Changes in courthouse access go into effect Feb. 1

Published 8:01 pm Friday, January 15, 2016

Big changes are coming to the Beaufort County Courthouse. They won’t all happen at once, but as of Feb. 1, access to the courthouse will look quite a bit different.

County Manager Brian Alligood announced this week that the county will limit public access to the building by closing down all entrances except those on the West Second Street, funneling the public through the front door and the handicapped-accessible entrance at the Magistrates’ Office on the basement level. Those two entrances will also have security screening checkpoints — the same security process previously located inside the building, at the entrances to the courtrooms.

Alligood said the changes won’t happen overnight — there will be a transition period — but the increased security is necessary.

“Be patient with us. It’s going to be process. It’s going to take some time. I think what folks need to understand is that we are working hard — the Board (of Commissioners) has said they believe there needs to be increased security for these areas, for the public and the employees there,” Alligood said.

The building’s security has long been a concern for those working in the courthouse. Beaufort County’s courthouse is one of very few in the state that does not have a single public access entrance with a security checkpoint. The change comes at the recommendation of a courthouse security committee that includes county commissioners and staff, as well as judges and other court officers. Last year, county commissioners added $200,000 to the Beaufort County Sheriff’s Office budget to hire four additional deputies specifically to provide courthouse security, in addition to the bailiffs that secure the courtrooms. However, when tallying training, equipment, vehicles and more — the costs associated with four additional deputies outside of salary — county officials came to the realization that it would cost the county less money to hire an outside firm to provide increased security.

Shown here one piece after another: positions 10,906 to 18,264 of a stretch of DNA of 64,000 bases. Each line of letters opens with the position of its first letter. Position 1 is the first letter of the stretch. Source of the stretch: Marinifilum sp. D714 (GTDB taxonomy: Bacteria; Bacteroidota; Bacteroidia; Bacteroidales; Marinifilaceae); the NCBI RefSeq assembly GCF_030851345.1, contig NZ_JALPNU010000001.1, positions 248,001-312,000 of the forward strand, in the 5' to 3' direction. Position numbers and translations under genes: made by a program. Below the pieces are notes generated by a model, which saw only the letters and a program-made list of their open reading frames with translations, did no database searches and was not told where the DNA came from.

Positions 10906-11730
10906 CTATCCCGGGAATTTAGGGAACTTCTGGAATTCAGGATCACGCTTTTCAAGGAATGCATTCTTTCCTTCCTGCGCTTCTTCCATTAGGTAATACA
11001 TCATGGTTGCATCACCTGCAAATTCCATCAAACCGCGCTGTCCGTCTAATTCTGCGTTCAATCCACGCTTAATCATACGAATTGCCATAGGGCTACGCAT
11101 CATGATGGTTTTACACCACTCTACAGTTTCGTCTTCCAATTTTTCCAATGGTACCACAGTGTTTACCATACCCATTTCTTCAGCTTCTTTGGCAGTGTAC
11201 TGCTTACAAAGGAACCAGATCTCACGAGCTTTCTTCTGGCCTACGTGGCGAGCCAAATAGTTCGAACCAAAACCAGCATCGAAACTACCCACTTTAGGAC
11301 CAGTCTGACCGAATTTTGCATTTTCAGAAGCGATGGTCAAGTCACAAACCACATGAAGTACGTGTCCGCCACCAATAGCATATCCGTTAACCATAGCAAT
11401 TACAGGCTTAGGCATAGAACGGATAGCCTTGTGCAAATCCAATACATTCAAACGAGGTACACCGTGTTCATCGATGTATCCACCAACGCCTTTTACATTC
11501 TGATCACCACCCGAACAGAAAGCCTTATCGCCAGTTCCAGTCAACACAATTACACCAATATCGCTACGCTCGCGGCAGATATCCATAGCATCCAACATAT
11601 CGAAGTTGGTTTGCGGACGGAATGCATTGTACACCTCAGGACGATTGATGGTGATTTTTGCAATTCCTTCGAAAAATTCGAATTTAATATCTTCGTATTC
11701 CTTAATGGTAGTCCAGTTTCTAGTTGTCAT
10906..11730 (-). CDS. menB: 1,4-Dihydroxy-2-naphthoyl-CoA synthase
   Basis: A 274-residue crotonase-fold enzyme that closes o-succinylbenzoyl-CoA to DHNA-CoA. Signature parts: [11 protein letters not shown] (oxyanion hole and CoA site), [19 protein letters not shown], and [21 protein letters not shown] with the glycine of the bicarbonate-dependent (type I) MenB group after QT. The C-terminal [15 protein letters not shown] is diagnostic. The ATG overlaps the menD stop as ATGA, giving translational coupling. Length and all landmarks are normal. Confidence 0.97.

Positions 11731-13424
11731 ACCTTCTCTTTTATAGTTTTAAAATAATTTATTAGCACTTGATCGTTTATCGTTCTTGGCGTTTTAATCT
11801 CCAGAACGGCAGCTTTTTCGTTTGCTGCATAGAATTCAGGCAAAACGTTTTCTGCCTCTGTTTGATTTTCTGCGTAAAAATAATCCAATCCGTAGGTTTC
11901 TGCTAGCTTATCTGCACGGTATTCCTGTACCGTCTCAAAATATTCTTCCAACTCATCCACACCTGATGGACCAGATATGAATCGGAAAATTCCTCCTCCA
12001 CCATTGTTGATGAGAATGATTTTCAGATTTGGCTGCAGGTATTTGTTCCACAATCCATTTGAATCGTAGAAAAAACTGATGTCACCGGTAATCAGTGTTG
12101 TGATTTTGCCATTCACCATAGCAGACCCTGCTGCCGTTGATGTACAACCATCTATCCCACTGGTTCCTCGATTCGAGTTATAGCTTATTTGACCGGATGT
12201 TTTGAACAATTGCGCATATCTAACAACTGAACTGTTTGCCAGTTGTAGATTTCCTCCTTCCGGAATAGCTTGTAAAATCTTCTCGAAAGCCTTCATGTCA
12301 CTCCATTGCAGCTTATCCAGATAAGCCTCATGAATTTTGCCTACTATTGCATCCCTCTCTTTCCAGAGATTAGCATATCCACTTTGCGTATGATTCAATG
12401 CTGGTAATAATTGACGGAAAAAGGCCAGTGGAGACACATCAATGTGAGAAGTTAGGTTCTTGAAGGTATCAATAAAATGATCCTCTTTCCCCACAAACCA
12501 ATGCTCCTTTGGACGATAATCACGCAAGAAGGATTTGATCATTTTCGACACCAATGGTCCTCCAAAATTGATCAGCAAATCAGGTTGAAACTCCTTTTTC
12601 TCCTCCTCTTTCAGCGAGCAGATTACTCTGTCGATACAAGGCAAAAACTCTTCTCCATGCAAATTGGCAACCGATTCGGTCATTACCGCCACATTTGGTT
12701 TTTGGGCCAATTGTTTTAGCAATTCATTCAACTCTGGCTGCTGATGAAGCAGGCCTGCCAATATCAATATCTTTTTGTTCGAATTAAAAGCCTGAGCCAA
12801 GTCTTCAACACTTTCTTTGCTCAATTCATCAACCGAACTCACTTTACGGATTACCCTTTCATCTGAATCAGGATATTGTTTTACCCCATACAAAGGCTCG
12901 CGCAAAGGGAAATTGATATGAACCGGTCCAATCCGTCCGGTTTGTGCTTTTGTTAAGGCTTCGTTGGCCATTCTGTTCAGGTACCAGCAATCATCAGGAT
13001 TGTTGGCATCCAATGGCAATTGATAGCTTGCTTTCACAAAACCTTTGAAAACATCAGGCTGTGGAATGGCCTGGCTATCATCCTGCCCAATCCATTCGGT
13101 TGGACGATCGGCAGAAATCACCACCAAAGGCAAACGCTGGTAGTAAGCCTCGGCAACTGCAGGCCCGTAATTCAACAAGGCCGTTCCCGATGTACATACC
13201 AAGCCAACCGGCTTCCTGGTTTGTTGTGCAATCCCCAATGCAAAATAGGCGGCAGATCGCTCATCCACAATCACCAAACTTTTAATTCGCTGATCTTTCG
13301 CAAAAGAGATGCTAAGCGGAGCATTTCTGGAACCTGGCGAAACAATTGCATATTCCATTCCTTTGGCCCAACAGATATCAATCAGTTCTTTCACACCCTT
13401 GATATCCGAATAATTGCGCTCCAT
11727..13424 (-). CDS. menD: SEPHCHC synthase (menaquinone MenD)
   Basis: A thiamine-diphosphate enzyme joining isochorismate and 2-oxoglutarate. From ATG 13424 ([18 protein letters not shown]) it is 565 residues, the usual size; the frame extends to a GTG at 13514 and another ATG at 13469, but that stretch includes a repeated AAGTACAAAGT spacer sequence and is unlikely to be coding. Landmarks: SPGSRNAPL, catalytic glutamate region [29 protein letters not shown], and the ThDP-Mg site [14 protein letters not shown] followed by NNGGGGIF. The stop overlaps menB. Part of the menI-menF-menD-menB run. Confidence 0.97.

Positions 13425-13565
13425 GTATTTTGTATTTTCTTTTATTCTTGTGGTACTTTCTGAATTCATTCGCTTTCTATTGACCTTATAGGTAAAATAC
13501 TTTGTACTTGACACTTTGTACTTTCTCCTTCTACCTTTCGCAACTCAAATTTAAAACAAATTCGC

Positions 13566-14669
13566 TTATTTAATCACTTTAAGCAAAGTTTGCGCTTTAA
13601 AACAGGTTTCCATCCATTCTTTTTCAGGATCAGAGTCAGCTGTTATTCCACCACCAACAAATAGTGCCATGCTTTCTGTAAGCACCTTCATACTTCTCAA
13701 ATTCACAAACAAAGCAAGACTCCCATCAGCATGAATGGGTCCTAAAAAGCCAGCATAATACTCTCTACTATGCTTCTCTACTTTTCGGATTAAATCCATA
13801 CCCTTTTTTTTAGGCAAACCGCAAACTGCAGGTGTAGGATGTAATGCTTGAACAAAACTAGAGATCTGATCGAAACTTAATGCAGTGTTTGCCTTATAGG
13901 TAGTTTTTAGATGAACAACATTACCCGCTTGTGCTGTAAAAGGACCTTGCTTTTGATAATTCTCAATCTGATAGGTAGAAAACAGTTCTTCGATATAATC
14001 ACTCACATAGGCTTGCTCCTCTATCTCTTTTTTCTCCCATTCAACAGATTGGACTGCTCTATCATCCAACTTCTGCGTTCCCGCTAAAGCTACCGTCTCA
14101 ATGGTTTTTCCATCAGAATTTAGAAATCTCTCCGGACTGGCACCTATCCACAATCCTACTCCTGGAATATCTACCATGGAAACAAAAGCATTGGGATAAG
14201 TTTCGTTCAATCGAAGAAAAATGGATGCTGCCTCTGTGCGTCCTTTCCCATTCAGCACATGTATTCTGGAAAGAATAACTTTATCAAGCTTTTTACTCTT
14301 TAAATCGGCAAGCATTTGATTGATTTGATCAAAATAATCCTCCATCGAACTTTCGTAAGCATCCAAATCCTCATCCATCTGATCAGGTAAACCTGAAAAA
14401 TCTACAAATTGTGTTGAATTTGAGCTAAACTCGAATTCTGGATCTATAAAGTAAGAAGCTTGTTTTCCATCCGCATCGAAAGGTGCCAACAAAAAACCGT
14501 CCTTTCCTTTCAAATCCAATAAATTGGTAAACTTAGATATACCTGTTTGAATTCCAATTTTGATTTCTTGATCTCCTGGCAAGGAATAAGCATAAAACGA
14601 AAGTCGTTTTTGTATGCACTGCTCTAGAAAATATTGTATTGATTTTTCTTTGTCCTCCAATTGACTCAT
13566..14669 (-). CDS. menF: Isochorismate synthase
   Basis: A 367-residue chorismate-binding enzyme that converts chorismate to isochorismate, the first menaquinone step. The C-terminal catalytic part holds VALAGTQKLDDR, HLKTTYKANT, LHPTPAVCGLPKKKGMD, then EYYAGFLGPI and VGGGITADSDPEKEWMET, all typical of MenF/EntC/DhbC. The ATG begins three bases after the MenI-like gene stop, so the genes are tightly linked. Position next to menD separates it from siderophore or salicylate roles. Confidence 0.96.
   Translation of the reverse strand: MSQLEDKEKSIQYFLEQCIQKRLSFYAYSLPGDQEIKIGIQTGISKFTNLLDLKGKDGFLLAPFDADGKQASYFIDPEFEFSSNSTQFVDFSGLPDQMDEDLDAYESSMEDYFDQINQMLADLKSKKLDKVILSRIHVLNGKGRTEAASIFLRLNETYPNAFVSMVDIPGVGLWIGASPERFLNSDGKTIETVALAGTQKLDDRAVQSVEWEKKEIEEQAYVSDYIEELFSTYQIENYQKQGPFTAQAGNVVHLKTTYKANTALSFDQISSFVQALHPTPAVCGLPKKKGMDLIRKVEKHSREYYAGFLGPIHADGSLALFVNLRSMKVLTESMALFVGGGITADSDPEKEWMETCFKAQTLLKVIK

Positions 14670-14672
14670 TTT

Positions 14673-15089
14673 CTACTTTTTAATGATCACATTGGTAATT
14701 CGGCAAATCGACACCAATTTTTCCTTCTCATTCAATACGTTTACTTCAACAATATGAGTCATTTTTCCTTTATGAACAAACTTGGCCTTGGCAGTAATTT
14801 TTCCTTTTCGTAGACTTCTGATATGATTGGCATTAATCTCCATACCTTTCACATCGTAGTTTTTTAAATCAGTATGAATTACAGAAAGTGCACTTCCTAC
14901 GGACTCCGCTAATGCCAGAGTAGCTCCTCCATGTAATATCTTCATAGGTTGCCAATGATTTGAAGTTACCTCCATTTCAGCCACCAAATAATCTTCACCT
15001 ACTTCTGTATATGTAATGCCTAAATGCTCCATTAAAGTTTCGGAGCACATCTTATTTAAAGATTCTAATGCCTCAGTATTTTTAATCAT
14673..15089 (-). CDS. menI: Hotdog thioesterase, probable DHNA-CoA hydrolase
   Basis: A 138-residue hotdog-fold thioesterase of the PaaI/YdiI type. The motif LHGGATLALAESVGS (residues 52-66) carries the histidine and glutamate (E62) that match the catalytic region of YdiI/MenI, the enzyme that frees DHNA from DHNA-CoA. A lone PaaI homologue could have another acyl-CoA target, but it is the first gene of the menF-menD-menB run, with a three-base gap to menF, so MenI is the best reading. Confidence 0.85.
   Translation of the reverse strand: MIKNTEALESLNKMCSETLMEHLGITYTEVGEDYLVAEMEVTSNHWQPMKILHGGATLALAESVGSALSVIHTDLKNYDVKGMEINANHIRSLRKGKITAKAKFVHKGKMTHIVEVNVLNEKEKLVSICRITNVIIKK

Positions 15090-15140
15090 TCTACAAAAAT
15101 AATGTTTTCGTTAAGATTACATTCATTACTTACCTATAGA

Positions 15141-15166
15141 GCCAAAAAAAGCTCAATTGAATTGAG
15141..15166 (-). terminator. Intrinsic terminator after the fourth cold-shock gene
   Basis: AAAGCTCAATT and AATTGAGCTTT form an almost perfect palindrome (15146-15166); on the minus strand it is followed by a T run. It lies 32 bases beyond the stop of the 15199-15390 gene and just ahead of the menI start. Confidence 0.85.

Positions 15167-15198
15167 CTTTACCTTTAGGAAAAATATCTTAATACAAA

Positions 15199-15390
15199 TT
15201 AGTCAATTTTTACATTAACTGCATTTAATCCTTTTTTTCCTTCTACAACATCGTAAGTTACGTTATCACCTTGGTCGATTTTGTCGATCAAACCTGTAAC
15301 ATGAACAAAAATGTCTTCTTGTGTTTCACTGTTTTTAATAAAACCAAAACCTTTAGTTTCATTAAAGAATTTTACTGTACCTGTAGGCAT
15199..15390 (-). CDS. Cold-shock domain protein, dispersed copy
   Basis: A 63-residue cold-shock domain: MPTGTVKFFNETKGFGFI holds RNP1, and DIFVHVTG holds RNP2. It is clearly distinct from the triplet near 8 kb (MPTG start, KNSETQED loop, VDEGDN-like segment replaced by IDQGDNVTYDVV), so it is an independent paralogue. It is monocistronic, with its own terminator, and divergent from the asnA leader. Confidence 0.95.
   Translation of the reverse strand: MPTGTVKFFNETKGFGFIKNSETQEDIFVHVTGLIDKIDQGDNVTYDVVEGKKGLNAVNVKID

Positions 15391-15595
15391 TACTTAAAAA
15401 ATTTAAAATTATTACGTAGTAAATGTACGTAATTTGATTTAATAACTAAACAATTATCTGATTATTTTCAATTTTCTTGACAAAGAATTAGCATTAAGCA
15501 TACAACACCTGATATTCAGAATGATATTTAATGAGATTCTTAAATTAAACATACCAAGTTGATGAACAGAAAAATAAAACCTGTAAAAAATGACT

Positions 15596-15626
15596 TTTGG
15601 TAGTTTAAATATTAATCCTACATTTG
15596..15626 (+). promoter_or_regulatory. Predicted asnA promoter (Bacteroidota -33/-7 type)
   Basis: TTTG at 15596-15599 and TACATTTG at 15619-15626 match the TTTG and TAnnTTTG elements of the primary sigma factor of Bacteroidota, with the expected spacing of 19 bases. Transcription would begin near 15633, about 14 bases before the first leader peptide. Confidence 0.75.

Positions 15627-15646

The county has entered into a one-year, $168,000 contract with Universal Protection Service, a security firm based in Greenville. The contract call for five security personnel working during courthouse hours: two officers manning security checkpoints at the front entrance; two officers at the lower-level entrance, clearing courthouse visitors with handheld metal-detecting wands; and a fifth, roving, employee, Alligood said.

Sheriff’s Office bailiffs will continue providing security for the courtrooms, while Universal Protection Service will handle the ins and outs, Alligood said.

“This is just supplementing (the bailiffs), it’s not replacing it,” Alligood said. “They will continue to do exactly what they’re already doing.”

In addition to the extra security staff, the county will be spending another $125,000 for additional surveillance equipment, including cameras set up at strategic points in the courthouse.

Alligood said there’s been mixed feedback to the coming changes, but the majority recognize additional security measures must be taken. Last summer, an alert bailiff detained a man, who had been acting erratically, at the courthouse. The man was carrying a BB gun indistinguishable from a revolver. He was taken into custody and admitted to the psychiatric ward at Vidant Beaufort Hospital, but the incident amplified concerns about security.

“(People) understand it and supportive of it. I think there are groups of folks that there are different ways to do it, but they understand that this is one way to do it — it may be a little inconvenient, but people will get used to it,” Alligood said.

While the public will be required to go through security at the front entrance, attorneys and other officers of the court who have regular business in the building will be able to apply for an ID that gives them priority clearance at the checkpoints, according to Alligood. All those who work in the building will be allowed access by a swipe of personally issued cards at keyless entries.

Alligood said that visitors to the courthouse should be prepared to think about timing their visits accordingly.

“If court starts at 9 a.m., don’t expect that you can show up at five minutes to nine and just breeze through the door,” Alligood said. “I guess the biggest piece of this is people are going to have to be patient with us. Nobody likes changes. … There is some inconvenience that comes with it, but that’s what it takes nowadays.”